The Spectre of Foot-and Mouth Returns

If you have been following the news in the past few days it won?t have escaped you that Foot-and-Mouth Disease (FMD) has returned to the UK after being discovered in two farms in Surrey.The blanket ban introduced during the 2001 outbreak devastated outdoor tourism in the UK and was seen by many as unjustified. Personally, I can recall that walking, driving or cycling along the roads in the Peak District was allowed but stepping off the road to climb on a crag, only a few meters away, could result in a £5000 fine. The illogical aspect to all this, was that the sheep where roaming freely on the roads and by the crags.The numbers say it all really. The last outbreak cost the UK tax payer approximately £8-9bn and 7 million animals were slaughtered. Agriculture in the UK is estimated to contribute £5.6bn to the UK economy each year. However, tourism contributes circa £15bn and supports about 400,000 jobs. The Countryside Agency reckoned the 2001 FMD outbreak cost the economy between £2-3bn in lost tourism revenue. In contrast UK agriculture receives between £2-3bn in subsidies each year. 80% of country parks, 90% of farms and over 30% of historic properties not to mention practically all the open countryside were closed to visitors during the 2001 outbreak. The result? A totally devastated rural economy. Anne Milton, a Conservative MP, is already warning that countryside may need to shut down again, “Shutting down the countryside has a huge impact on tourism, and we are right at the start of the summer holidays,” she said. “But there should be no hesitation to do what needs to be done.”Lets keep our fingers crossed that this an isolated outbreak and hope that if it becomes more serious then we won?t see the same draconian and pointless measures banning access…

The craziness of it all? YES you could ski in the Cairngorms but NO you couldn?t walk or climb there. I recall the reason being that climbers were more likely to come into close contact with reindeer!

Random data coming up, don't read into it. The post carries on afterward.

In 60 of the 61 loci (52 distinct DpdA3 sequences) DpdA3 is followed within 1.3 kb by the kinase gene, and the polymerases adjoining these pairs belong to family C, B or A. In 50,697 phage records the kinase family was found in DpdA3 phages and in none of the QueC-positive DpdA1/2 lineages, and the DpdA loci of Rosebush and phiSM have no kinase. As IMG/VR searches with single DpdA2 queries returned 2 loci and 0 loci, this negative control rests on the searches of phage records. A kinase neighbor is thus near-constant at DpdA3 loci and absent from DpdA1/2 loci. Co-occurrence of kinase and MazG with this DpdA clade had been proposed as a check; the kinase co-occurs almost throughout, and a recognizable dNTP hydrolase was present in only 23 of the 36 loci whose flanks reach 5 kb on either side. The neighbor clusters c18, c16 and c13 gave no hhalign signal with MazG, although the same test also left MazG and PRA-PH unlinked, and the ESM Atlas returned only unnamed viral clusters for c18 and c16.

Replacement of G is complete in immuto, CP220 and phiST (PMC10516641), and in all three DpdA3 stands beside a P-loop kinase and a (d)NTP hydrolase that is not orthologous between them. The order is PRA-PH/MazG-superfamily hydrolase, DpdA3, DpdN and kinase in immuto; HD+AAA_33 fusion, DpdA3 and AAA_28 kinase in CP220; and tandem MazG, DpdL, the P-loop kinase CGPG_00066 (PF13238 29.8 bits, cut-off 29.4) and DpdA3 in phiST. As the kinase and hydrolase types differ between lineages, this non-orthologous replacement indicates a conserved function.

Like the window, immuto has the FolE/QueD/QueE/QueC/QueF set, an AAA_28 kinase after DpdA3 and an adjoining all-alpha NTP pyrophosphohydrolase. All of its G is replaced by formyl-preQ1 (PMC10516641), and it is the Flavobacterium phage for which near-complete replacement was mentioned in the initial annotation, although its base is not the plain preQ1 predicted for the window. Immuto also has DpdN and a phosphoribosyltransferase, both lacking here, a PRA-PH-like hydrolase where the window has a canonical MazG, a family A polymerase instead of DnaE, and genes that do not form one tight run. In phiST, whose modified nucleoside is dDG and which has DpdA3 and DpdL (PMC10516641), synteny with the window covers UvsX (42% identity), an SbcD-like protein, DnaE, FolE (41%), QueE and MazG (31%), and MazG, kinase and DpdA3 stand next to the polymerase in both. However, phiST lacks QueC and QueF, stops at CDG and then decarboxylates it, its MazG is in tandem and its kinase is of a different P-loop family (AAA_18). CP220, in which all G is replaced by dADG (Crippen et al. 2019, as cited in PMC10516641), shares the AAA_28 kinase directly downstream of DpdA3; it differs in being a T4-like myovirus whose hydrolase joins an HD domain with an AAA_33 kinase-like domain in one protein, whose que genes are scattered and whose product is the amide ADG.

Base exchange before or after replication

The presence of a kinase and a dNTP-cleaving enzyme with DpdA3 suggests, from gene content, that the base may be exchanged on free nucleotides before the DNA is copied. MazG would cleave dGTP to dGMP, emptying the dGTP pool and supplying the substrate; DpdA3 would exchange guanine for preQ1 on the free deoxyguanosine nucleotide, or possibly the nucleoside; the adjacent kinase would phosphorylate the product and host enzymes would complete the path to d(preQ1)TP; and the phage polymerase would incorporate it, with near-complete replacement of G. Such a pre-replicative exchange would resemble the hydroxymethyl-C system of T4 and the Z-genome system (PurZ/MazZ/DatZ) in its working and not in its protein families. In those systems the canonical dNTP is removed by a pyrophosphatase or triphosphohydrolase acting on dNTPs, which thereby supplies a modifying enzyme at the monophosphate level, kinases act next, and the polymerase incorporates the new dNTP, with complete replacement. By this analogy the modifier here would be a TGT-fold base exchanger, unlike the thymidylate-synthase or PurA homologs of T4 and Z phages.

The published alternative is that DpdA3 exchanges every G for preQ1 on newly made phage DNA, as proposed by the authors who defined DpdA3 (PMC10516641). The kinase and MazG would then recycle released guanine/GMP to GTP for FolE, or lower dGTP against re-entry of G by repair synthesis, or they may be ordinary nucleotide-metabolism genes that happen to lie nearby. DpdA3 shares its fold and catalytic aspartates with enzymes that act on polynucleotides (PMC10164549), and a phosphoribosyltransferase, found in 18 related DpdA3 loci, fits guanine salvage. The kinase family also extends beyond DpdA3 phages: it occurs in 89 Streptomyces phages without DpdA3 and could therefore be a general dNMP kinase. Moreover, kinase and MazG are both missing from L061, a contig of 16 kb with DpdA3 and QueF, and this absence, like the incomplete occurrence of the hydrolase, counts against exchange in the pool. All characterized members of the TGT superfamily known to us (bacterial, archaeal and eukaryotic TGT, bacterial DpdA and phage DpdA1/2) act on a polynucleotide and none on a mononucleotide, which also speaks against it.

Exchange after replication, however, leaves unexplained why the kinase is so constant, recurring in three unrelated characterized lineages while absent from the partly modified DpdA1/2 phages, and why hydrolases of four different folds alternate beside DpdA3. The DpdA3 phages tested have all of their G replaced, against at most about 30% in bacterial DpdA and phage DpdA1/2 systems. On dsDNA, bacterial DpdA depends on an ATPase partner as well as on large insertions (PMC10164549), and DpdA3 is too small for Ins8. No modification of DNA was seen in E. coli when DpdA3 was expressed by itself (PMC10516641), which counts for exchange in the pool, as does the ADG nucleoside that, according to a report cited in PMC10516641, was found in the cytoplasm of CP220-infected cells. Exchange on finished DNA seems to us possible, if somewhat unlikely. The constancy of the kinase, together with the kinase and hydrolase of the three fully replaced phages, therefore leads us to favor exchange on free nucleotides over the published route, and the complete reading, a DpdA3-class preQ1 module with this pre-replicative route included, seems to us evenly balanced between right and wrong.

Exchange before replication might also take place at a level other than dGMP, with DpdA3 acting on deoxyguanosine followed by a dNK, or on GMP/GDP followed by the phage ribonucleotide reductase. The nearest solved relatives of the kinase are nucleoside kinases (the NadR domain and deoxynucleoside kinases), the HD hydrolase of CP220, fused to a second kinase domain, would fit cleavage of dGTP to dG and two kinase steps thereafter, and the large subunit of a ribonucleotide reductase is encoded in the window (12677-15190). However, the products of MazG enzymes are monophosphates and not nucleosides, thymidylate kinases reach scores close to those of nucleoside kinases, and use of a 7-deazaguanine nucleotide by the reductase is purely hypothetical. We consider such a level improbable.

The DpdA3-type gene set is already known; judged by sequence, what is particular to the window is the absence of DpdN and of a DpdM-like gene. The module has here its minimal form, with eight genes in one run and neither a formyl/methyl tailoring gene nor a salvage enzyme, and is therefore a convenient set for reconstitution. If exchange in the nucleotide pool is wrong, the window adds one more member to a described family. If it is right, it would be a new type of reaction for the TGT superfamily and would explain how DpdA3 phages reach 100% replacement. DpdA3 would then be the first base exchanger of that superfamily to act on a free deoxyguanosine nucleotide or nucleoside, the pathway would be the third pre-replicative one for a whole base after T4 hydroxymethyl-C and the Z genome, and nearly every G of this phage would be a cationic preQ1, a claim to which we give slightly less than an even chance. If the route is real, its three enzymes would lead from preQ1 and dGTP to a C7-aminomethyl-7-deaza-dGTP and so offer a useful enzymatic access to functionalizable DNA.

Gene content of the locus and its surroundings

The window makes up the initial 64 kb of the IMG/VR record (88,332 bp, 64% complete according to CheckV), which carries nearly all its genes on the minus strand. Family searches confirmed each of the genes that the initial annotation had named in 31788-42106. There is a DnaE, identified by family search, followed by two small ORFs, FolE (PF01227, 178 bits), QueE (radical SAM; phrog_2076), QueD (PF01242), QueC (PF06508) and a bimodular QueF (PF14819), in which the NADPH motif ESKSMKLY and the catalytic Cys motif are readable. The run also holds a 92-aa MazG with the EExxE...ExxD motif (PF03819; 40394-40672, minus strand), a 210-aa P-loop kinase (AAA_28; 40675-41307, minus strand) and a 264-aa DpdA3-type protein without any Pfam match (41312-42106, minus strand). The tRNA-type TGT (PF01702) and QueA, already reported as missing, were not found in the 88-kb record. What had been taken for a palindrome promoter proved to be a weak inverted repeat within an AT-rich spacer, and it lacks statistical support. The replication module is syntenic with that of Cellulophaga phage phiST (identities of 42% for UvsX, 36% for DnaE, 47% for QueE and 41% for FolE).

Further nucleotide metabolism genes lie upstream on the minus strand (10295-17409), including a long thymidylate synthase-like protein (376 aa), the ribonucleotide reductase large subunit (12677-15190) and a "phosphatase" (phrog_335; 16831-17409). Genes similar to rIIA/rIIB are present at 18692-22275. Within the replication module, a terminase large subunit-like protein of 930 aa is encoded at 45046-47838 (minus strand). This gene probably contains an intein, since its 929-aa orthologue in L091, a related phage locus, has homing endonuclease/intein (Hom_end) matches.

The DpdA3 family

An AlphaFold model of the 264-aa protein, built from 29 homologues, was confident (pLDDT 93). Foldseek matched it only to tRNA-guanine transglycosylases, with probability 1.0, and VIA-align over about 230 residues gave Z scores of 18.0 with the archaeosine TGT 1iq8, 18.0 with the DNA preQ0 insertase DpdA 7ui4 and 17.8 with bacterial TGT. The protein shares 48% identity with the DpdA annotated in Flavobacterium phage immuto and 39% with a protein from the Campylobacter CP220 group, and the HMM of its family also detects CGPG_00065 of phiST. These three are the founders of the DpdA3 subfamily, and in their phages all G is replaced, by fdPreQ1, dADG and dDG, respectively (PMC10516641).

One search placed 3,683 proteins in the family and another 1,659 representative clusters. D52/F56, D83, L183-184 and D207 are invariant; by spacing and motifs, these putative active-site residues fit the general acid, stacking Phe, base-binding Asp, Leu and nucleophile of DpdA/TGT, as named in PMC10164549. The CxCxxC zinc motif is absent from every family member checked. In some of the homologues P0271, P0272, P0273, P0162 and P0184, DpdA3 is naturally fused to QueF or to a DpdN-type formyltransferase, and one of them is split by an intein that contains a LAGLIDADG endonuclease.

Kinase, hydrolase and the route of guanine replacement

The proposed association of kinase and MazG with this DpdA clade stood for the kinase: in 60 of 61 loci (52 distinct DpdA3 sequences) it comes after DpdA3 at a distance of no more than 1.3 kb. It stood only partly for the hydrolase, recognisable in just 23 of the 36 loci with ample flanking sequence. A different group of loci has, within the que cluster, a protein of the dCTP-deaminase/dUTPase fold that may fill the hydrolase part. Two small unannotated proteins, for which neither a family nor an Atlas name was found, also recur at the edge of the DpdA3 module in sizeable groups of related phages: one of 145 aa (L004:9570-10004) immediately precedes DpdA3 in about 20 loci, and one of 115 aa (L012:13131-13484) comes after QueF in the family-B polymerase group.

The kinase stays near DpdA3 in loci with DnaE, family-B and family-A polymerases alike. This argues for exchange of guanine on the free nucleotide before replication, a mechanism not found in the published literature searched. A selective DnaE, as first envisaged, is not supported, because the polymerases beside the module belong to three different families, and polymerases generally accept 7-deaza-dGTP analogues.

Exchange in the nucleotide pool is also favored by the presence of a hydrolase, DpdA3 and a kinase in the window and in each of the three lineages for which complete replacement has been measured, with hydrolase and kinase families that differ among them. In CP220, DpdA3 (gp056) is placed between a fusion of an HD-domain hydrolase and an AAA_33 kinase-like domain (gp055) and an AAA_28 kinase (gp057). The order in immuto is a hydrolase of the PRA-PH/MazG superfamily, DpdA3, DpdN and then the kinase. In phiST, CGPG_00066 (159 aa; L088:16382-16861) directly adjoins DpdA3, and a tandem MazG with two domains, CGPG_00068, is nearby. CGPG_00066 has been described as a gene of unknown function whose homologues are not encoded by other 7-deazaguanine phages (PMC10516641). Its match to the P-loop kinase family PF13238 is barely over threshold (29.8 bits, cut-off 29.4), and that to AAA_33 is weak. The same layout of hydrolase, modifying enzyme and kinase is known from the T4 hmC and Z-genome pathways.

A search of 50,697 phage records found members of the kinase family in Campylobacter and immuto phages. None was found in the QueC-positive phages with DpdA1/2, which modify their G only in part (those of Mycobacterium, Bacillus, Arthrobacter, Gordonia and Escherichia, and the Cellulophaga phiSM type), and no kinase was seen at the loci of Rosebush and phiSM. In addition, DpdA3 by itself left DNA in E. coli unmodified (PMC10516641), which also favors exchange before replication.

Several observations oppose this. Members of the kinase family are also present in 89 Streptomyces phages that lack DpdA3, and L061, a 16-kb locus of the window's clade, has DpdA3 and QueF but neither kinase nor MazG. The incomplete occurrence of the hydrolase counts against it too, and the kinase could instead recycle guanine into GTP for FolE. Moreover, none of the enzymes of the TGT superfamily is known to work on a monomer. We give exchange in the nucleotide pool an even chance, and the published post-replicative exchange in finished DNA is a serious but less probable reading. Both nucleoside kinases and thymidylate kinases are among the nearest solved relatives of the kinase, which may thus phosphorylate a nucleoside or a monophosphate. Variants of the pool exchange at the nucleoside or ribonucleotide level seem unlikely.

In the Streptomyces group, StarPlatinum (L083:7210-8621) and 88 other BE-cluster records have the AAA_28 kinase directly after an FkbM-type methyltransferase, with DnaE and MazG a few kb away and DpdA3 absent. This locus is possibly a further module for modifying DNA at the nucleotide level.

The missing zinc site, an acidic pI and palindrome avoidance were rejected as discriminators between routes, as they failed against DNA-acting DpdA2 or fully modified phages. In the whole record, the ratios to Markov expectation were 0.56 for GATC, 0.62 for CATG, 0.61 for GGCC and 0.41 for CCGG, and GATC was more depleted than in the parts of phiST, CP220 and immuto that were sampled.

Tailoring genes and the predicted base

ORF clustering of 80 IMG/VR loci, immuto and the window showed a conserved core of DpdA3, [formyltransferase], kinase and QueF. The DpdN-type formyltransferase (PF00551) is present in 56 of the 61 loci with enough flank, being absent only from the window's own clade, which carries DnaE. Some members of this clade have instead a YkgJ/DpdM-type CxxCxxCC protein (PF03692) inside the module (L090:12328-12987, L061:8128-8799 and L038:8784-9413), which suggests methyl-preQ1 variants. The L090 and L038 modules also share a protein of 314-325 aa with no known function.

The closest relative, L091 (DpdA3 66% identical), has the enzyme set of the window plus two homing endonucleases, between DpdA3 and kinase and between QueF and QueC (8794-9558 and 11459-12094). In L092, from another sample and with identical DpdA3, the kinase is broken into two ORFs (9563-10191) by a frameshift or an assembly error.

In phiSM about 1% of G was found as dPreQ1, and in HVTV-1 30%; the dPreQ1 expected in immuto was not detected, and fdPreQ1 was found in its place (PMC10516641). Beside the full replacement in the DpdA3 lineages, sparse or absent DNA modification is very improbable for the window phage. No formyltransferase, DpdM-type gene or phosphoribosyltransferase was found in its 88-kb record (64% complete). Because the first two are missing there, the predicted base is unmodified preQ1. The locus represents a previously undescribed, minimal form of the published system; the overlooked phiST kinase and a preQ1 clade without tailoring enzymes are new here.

What Can I do about it? How about writing to your local MP to raise your concerns. Below is a form letter from the Outdoor Industry Association: Find your MP here: DearFoot & Mouth Disease must have a far better and more co-ordinated approach It is with real concern that the outdoor leisure sector received the news that Foot & Mouth Disease has once again been detected in the UK.  The knee-jerk reaction to the FMD outbreak in 2001 is still fresh in the minds of many people and businesses that rely on the outdoors to make their living.  The blanket closure of vast swathes of the UK countryside very nearly bankrupted the tourism and rural economies and the knock-on effect to the outdoor leisure sector was felt equally as hard with many businesses going under. I would strongly urge the Government to consider the lessons learnt from the last outbreak before ?shutting down? the countryside.  The cost to the tourism/outdoor sector was clearly well in excess of that incurred in farming, and it is abundantly clear that the actions taken in 2001 were wholly ineffective at combating the spread of the disease. The tourism/outdoor sector lost in excess of £8 billion in 2001/02 with the consequent loss of many jobs and businesses, without the compensation afforded to the farming sector.  With tourism/outdoors only recently ?back on their feet? and a recognised primary earning sector for the UK economy, this country cannot afford another crisis like that created by the response to FMD in 2001. I am writing to ask that you make urgent representations to this Government to ensure that this latest outbreak is contained and dealt with effectively and that the outdoor leisure industry is not an after-thought victim of complacency, mis-information and confusion. Yours sincerely Extract from a 2002 EU report on the FMD crisis??.. The report is the first to come from a year-long inquiry in which a cross-party panel of MEPs has been taking evidence to assess the government´s response to the disease and how to handle any future outbreaks.Caroline Lucas, the inquiry´s vice president and a Green party MEP for south-east England, said: “The report is a damning indictment of the way the government responded to the crisis.”The British government opposed the inquiry, just as it opposed any public inquiry into the outbreak at a domestic level, but I hope it will listen and learn.” Neil Parish, a member of the temporary committee and the Conservatives´ agriculture spokesman in the European parliament, said: “This report represents explosive evidence that the government got it wrong with the foot and mouth crisis. “The draft conclusions couldn´t be clearer. They got it wrong and our farmers have had to pay the price for their failure.” The inquiry is continuing and the final report will be published after further proposals from committee members. However it has no legal force and its recommendations are not binding. The author of the “working document”, Wolfgang Kreissl-Dorfler, strongly criticises the government for not having contingency plans ready for a “serious and extensive” outbreak of foot and mouth.The government´s plans – that complied with EU criteria for tackling foot and mouth disease – were based on the assumption that the spread of the disease would remain localised with no more than 10 outbreaks.  In the end, the scale of the February 2001 outbreak contained 12 “mini epidemics” and was unprecedented in the history of the disease. Two years earlier a report from the government veterinary service had warned of shortcomings in the preparations for any outbreak.”Hardly anything had been done to implement the recommendations for remedying the shortcomings before the crisis arose,” said Mr Kreissl-Dorfler.”Although in July 2000 the head of the state veterinary service expressed extreme concern about the state of preparations, particularly with regard to slaughter, disposal of animal carcasses, staff training and the availability of up to date contingency plans. “In retrospect, an immediate nationwide ban on transporting FMD susceptible animals would have been appropriate,” he said. But this would have been considered “disproportionate” at the time by large sections of the population. Furthermore, the epidemic broke out when the ministry of agriculture was being restructured, making it more difficult to combat the epidemic in a coordinated manner, said Mr Kreissl-Dorfler. “Hundreds of foreign vets had to be deployed, which led to confusion and uncertainty among farmers, partly on account of linguistic communication problems.”Information for local bodies and farmers was poor and advice from government departments was repeatedly altered, inconsistent or even contradictory, said the document.”These shortcomings and the sometimes inadequate information policy caused considerable stress among those concerned, many of whom were still suffering psychologically as a result months after the crisis.” Sources and Further Reading Costly Memories of Foot-and-Mouth Rural Economy Braced for Setback National Statistics